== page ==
Susan's Blog

Monday, March 22, 2010

Excerpt Eight from AMSG

My book, the Autism Mom’s Survival Guide: Creating a Balanced and Happy Life While Raising a Child With Autism will be out in stores a week from today (or tomorrow).

Chapter 8: Looking Toward the Future

…Jane, a kindred spirit in Milwaukee, is way ahead of me.
Her son, Chris, is thirty-three. “My son has been working
at Barnes and Noble and living in an adult family home
in the community for eleven years,” she wrote me. “I still
suffer from separation anxiety and miss him every day
(even though I do see him every weekend). I can tell you
that I still do not know if this is the course he would have
chosen for himself. He does not verbally indicate whether
he is happy or not (he has limited speech). We judge his
well-being via his behavior.” This has always been our
modus operandi with Nat, who so often cannot or does
not express what is going on inside.

Jane impressed me with her positive attitude and her
ability to meet difficulties head-on, despite the challenges of
being a single mother. “I was divorced when Chris was six or
seven years old,” she told me. “I really felt alone. I just wanted
to take care of my son and daughter. We all moved to Akron,
Ohio, because I had a stepsister there. It was great because we
had family; we had supports.”

The support of her stepsister enabled Jane to go back to
school and earn a degree that would help her get a good job.
After she finished her education, the three of them moved
back to Milwaukee and lived with Jane’s parents while Jane
looked for a job. Jane feels she was so lucky to have been
able to do that, as opposed to feeling discouraged about
moving in with her parents. “Those were the happiest days
of Chris’s life,” Jane said. Even now, twenty-six years later, he
points in the direction of her parents’ old house when they
pass their old neighborhood. It is Jane’s dream to buy her
parents’ former home so that Chris can live in it again.

Jane’s strong sense of what is important and her ability to
stick with that has convinced her that advocacy is the key to an
autism family’s happiness: advocacy for the child and for the
parent. “I want more for him,” she said simply. “I want to build
a better world for him while he’s alive.” Doing that is a tall
order, but Jane has learned that facing the obstacles that come
up gives her such a feeling of accomplishment. “You have to
stay on top of all the tasks related to supporting Chris as an
adult in the world. It never ends. But it’s the challenge of it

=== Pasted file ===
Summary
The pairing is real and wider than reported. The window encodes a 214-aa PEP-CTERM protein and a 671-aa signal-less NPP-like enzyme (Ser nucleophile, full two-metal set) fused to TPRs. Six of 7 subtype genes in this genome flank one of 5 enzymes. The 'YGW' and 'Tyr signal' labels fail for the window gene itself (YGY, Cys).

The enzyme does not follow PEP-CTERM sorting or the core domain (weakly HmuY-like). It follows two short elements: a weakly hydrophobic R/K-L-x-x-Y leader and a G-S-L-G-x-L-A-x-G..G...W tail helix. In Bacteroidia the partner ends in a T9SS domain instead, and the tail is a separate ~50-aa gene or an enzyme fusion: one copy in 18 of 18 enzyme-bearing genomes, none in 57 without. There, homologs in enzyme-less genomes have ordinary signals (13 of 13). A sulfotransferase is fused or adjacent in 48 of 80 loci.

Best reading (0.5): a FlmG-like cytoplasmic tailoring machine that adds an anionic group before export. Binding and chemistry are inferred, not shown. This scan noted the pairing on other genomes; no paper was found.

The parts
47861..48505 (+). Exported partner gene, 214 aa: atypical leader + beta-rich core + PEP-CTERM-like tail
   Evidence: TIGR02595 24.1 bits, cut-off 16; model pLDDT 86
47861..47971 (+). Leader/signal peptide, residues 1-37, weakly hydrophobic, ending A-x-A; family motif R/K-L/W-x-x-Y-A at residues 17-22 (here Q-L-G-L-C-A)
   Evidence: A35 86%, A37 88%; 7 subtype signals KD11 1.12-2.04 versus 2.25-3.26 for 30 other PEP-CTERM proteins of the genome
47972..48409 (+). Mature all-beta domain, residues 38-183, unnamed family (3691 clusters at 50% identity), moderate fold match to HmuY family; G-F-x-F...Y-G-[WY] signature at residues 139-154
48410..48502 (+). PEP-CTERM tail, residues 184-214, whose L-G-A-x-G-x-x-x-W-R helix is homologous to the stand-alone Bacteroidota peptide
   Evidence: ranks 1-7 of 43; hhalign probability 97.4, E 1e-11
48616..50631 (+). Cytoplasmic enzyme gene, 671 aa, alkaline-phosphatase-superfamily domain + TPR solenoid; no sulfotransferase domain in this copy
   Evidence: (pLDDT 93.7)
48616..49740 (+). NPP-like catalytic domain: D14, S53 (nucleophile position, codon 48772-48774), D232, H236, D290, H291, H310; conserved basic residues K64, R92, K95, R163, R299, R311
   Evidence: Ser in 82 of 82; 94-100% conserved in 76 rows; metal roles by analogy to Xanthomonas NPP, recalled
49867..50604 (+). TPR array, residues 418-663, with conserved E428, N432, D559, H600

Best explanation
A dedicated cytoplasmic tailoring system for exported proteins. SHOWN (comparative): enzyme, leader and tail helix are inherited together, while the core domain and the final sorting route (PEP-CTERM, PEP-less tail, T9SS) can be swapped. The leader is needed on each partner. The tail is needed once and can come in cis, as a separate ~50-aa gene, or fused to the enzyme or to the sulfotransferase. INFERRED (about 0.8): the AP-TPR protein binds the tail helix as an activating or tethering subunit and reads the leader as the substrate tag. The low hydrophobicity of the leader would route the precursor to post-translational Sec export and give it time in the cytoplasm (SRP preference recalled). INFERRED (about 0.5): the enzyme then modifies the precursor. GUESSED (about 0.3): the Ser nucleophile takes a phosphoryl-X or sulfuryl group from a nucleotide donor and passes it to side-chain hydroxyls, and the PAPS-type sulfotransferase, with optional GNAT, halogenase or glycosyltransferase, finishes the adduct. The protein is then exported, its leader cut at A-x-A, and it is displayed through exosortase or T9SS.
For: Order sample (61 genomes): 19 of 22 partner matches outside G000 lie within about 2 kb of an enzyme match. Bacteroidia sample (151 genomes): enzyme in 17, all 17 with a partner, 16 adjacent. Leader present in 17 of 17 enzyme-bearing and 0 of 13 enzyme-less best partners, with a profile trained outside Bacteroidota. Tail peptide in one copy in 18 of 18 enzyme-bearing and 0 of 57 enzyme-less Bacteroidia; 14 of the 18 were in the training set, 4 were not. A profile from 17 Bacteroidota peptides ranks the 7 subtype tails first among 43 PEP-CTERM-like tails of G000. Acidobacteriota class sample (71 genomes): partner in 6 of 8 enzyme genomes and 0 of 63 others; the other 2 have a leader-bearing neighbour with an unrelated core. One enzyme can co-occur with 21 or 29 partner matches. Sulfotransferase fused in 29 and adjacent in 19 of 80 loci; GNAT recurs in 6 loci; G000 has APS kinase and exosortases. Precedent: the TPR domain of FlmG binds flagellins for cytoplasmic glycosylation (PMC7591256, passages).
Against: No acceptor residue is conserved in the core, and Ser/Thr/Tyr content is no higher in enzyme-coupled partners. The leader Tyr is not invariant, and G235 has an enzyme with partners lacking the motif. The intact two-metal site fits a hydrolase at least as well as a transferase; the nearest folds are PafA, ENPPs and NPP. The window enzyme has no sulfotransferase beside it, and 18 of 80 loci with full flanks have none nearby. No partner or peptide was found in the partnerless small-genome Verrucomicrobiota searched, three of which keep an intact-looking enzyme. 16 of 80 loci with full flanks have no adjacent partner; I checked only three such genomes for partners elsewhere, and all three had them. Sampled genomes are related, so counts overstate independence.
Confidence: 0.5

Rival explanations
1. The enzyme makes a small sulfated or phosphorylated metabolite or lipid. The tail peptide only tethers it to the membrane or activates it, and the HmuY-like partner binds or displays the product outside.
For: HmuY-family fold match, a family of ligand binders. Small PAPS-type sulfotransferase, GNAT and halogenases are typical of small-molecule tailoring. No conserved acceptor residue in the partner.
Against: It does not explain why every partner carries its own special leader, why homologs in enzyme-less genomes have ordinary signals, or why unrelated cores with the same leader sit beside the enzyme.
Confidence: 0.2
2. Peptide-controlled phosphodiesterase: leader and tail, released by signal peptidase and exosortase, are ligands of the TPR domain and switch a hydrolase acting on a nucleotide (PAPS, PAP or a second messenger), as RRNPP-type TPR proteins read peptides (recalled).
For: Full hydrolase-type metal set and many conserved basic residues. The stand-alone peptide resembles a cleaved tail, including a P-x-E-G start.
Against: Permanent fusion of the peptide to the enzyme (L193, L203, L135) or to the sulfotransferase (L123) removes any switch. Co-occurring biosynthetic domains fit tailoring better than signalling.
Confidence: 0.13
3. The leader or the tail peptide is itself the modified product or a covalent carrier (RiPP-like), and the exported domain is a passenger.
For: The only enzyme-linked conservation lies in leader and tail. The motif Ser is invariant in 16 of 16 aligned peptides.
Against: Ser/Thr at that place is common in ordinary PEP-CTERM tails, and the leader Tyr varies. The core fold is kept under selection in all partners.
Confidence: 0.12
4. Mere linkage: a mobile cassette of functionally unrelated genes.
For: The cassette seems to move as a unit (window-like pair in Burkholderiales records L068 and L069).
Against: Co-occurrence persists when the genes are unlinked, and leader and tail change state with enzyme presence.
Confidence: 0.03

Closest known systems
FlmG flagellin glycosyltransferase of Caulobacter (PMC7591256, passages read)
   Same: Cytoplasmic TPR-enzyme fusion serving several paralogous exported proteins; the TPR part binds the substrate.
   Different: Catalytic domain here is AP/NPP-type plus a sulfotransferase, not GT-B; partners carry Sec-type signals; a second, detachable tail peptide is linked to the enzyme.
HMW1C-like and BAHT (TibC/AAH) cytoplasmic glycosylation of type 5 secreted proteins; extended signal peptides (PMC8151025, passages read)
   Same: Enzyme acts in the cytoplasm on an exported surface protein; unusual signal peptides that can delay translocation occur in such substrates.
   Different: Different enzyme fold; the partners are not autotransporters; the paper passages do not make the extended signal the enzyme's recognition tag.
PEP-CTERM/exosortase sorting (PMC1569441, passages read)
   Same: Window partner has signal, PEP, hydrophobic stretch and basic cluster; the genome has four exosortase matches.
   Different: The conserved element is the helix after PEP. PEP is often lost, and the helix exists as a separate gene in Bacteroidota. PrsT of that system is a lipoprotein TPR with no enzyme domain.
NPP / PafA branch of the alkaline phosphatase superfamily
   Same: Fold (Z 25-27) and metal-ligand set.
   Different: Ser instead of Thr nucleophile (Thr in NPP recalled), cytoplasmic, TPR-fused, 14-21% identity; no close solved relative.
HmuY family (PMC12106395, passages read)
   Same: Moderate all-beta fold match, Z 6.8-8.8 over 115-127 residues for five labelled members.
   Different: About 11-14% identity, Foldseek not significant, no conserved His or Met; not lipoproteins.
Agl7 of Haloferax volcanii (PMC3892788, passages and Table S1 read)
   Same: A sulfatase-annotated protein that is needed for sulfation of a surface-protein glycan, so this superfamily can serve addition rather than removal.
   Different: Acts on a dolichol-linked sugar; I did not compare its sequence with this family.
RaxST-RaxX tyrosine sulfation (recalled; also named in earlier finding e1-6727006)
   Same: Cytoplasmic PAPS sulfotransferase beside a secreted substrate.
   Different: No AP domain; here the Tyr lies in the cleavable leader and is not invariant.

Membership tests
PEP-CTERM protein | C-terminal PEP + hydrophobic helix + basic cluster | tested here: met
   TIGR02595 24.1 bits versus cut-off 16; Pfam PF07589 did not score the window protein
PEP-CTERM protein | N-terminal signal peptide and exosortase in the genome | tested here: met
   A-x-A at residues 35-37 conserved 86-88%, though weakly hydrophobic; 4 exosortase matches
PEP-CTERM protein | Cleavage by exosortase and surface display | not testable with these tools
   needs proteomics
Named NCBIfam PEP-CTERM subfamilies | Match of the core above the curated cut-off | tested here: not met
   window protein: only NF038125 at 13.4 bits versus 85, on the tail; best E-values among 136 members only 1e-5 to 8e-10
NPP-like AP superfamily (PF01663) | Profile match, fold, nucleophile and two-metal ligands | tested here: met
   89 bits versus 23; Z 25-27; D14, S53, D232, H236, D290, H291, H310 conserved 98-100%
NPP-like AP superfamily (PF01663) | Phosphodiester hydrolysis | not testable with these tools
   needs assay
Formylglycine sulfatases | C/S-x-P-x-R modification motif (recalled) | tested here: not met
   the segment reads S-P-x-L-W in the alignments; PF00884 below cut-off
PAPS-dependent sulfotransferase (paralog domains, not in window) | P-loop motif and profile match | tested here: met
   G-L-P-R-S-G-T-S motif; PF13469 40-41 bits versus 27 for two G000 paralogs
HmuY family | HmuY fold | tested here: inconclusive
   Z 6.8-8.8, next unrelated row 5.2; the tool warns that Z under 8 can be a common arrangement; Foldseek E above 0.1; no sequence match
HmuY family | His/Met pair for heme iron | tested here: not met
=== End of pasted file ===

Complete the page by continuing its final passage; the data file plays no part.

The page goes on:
all that interests me,” she said. “If you’re negative, all the work
you’ve accomplished will cave in. It is just that simple. Chris
can sense my attitude. It affects him in so many ways.” And
being negative will affect you, the parent, as well.

Jane also discovered the value of finding trustworthy
people who understand her child. One such person helped
Jane’s son Chris to get the job he has had for eleven years at
Barnes & Noble. “Chris had a job at a public library,” says
Jane. “There was a woman there who knew how to connect
with him. When this woman left the library to work at Barnes
and Nobel herself, she took Chris with her.” Since then, she
has acted as a job coach and sometimes serves as a liaison
between Chris and the customers. But it is Chris’s ability to
internalize the layout of the bookstore that has made him
the cherished employee he is today. “He knows just about
where every book is in the store,” says Jane. “He helps customers.
He walks them to where their book is.”


It's reading things like this and of course following your struggles with transitioning Nat into adulthood that keeps me constantly worrying. It's like a nagging little fly, buzzing around my brain, that never stops: worry for the future. My husband doesn't understand why I'm always thinking about how the decisions we make now will affect my son when he is an adult. He only worries about today. I just can't do that. I'm always thinking about tomorrow and what if. Every IEP, I always focus on helping him build skills for adulthood, like functional literacy and basic math skills. It can be suffocating at times, thinking about all we have to do to prepare him for adulthood. It makes me just want to curl up into a ball and hide sometimes.

— added by ASDmomNC on Tuesday, March 23, 2010 at 10:11 am

I cannot wait to see the new book! Hopefully it will hit bookstores in Canada very soon!

— added by runningforautism on Thursday, March 25, 2010 at 10:00 am

When will your book be published on e-book format? (pretty please?!) Would love to to add it to my collection. Excellent resource!

— added by Ivy on Tuesday, December 21, 2010 at 10:40 am

My first book is an e-book now; I don’t know when AMSG will be. Thanks!

— added by Susan Senator on Tuesday, December 21, 2010 at 11:24 am

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